For over 18 months I’ve tried to get the story of the plight of Russian footballers heard. FIFPro is moving, slowly, though international media is a dead loss. Unless it is going to go along with the narrative that Russians are doping and Putin sucks, nobody wants to know. “It’s an internal issue,” I was told by a foreign correspondent of a major media company “We don’t really cover that.” He went on to ask me if there was any truth in the rumour that the hooligan ban was messed up. With the biggest ever sporting event just five months away, now is the time to push FIFPro to remove Grammatikov’s organisation. Now is the time when foreign correspondents in Russia can make this happen. Instead, I had one tell me that Georgi Dzhikiya’s terrible injury was “karma”.

Yes, that is what this clown who purports to be a human being said. I asked him to repeat it, just in case I’d misheard. “I said it’s karma for that racist tweet. Serves him right.” I felt my head lift from my body momentarily. I understand the quarter-wit couldn’t kick snow off a rope, that sports to him is a tedious free lunch, yet he’ll turn up with his FIFA accreditation to send home whinging reports and seek out trouble, or stir it. I dropped 300rbs on the table to cover my tasteless americano and left. The temptation to say something or put the remaining half of my coffee over his head was too strong.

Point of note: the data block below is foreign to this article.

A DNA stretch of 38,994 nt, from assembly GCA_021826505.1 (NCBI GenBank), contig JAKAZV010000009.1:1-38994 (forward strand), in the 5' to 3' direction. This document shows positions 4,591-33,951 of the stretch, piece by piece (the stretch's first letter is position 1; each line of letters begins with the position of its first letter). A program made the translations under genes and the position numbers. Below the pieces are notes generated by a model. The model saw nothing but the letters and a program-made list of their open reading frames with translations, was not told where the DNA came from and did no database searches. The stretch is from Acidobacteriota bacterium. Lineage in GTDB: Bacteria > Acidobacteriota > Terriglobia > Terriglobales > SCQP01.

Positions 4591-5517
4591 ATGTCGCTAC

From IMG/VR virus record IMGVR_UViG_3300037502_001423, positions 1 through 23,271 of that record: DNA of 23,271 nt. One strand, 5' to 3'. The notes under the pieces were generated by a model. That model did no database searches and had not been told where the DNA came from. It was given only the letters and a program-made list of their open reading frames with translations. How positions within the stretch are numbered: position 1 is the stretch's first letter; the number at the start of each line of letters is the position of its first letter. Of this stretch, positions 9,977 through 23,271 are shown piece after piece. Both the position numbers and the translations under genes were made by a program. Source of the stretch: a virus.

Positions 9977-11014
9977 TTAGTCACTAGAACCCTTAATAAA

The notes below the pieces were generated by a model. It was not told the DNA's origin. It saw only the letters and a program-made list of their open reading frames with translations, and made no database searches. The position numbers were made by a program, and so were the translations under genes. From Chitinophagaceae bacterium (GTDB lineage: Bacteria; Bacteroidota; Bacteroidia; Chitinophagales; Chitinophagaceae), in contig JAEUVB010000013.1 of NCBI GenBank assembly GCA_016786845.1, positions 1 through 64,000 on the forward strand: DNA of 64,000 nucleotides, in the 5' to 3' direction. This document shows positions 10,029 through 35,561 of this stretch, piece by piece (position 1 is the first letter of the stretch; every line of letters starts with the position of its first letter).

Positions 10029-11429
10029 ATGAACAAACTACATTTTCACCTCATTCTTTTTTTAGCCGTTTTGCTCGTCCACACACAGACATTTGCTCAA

For ghouls like this the story of unpaid footballers in Russia at a time when the FIFA jamboree is just a stretch too far. If local media don’t bother to push it, even the more outward looking organisations, why should he? Instead, as we discussed the work done by a bunch of Russian football lovers in a studio, he checked in on facebook to a late night bar. I was tempted to channel a little Spartak support his way.

Alan Moore

Author: Alan Moore

A Russia-based Sports Journalist and Consultant, worked with major sports clubs including:- Spartak Moscow, Hajduk Split, Eintracht Frankfurt. Boxed Internationally, played semi-pro football and worked full-time in sports management/consultancy from 2003-13.

First published professionally on football in 1990, first Russian league match in 1991, now hosting Capital Sports on Capital FM, Moscow and the Capital Sports Stadium Shows at the RZD Arena and writing the odd article. Director of the Russian State Social University College in Moscow.